BISMARCK — A North Dakota House committee will consider a proposal backed by GOP leaders that would make it harder for citizens to tweak the state constitution Wednesday, March 20.

Senate Concurrent Resolution 4015 would require constitutional amendments to pass with a 60 percent majority at the ballot box. It would also double the number of signatures required to put a constitutional measure on the ballot and move up the deadline for submitting a petition.

The resolution also requires a 60 percent vote of the Legislature for lawmakers to propose constitutional amendments to voters.

If passed by the Republican-controlled Legislature, the resolution would seek voter approval in 2020. It's one of a few proposals that backers say are meant to protect the state government's organizing document.

Burgum takes his case directly to lawmakers

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Gov. Doug Burgum again made a pitch to lawmakers for funding the Theodore Roosevelt President Library Wednesday, marking the sixth time this session he has testified in legislative committees.

Burgum, a Republican first elected in 2016, has also testified in favor of measures funding the Fargo-Moorhead flood diversion project and reshuffling the state's higher education governance structure. He did not testify before legislative committees during his first session in 2017.

Burgum's spokesman Mike Nowatzki said the governor has been "intimately involved" in those three issues and he "feels it's appropriate to bring his perspective directly to the committees."

Longtime GOP Sen. Ray Holmberg said it's not unusual for governors to testify before lawmakers.

Senate to vote on minimum wage bill

The North Dakota Senate is set to vote on a bill preventing local governments from enacting a minimum wage that's higher than the state's.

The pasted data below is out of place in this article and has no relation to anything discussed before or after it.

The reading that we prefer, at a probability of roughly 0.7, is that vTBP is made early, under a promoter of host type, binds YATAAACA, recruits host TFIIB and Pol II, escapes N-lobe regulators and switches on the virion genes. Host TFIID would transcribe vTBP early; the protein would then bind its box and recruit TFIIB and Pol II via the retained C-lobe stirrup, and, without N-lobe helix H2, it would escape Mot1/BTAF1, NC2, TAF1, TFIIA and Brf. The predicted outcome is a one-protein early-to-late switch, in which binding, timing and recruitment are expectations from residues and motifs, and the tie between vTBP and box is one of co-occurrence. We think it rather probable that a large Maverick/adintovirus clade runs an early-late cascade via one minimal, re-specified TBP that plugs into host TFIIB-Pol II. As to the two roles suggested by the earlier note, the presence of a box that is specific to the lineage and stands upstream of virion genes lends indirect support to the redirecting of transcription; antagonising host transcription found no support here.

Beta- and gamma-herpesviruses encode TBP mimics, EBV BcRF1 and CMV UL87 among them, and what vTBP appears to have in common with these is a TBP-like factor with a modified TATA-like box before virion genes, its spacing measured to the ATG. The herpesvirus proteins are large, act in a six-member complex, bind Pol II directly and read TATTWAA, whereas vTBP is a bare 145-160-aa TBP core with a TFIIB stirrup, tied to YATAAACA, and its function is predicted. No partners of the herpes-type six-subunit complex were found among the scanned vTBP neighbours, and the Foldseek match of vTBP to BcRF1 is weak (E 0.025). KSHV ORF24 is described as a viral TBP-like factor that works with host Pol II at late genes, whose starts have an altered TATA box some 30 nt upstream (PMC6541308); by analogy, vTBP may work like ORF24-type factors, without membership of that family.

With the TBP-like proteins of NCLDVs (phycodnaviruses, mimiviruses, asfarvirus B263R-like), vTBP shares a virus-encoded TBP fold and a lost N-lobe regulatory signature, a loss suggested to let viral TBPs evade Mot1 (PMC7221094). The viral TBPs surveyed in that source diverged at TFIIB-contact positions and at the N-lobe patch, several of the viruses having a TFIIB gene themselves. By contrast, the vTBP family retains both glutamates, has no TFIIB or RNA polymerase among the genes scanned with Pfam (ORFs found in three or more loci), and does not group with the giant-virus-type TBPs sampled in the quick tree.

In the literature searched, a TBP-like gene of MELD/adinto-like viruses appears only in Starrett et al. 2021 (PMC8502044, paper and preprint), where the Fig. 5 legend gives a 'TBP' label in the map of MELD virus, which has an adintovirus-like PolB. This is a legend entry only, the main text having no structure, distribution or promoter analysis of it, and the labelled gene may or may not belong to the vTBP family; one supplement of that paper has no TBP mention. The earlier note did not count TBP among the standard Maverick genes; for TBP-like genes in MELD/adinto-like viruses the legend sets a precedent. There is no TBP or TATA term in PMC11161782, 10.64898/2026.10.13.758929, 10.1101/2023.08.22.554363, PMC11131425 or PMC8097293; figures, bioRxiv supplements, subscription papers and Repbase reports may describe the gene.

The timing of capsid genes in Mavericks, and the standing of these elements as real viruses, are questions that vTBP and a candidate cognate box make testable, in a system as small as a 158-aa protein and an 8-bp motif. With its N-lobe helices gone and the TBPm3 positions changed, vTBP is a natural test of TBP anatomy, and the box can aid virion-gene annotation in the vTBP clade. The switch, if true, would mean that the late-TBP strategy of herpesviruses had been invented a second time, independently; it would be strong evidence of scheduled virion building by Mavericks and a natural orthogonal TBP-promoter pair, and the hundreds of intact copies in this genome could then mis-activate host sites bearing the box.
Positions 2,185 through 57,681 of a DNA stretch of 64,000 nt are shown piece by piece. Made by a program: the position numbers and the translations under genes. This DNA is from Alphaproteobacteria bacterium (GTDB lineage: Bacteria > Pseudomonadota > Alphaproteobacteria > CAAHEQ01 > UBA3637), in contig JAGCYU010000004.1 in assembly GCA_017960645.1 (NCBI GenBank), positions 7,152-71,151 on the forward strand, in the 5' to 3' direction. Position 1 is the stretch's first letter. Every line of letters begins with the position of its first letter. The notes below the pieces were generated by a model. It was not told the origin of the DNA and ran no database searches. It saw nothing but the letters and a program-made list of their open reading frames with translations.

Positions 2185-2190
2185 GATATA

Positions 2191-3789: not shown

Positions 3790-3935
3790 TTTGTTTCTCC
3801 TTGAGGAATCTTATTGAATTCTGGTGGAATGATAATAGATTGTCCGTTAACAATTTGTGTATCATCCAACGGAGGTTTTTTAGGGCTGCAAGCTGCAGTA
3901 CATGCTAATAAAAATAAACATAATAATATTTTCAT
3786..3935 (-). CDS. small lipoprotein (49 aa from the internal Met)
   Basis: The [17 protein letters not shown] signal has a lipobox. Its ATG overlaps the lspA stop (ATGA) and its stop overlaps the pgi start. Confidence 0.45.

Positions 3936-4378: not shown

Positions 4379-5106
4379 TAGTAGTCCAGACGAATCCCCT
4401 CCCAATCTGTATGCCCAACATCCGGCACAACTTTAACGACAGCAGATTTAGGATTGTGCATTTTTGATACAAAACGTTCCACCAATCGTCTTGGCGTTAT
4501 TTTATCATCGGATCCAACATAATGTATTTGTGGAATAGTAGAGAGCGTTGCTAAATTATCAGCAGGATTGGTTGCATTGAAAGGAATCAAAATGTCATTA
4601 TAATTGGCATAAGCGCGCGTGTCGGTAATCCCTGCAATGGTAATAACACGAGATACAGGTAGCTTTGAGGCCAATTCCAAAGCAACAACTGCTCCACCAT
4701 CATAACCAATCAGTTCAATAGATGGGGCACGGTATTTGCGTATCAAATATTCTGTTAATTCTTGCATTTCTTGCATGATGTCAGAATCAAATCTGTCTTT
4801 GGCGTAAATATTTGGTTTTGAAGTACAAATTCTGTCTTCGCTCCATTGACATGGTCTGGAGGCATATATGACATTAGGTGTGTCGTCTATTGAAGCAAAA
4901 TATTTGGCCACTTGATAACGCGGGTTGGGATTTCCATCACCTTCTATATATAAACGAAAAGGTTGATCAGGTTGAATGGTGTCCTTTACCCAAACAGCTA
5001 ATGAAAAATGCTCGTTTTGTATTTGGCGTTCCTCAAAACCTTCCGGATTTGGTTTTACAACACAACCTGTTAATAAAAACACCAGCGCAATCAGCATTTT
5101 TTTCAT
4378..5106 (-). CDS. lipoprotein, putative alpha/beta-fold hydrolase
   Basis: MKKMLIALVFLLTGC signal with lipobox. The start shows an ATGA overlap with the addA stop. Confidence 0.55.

House Bill 1193 sailed through its chamber of origin last month. Proponents have argued a higher minimum wage would bring negative economic consequences, while opponents warned against infringing on local control.

North Dakota's minimum wage of $7.25 per hour matches the federal rate.

Lawmakers to consider vehicle idling statute

North Dakota senators are expected to consider repealing an oft-ignored law preventing drivers from leaving their unattended vehicle running.

House Bill 1058 is on the Senate calendar and could receive a vote in the coming days. A supporter previously said the bill is meant to remove an "unenforced" law from the books, noting that North Dakotans often warm up their cars before driving them in the winter.

The House unanimously approved the bill in January.

Senate committee to take up higher ed resolution

A proposal to remove references to higher education institutions from the North Dakota constitution will be heard by a state House committee Monday.

The resolution, which would require voter approval if it sails through the Legislature, passed the House earlier this month despite concerns it would open the door to campus closures. Proponents have argued House Concurrent Resolution 3016 reflects the need for flexibility in higher education.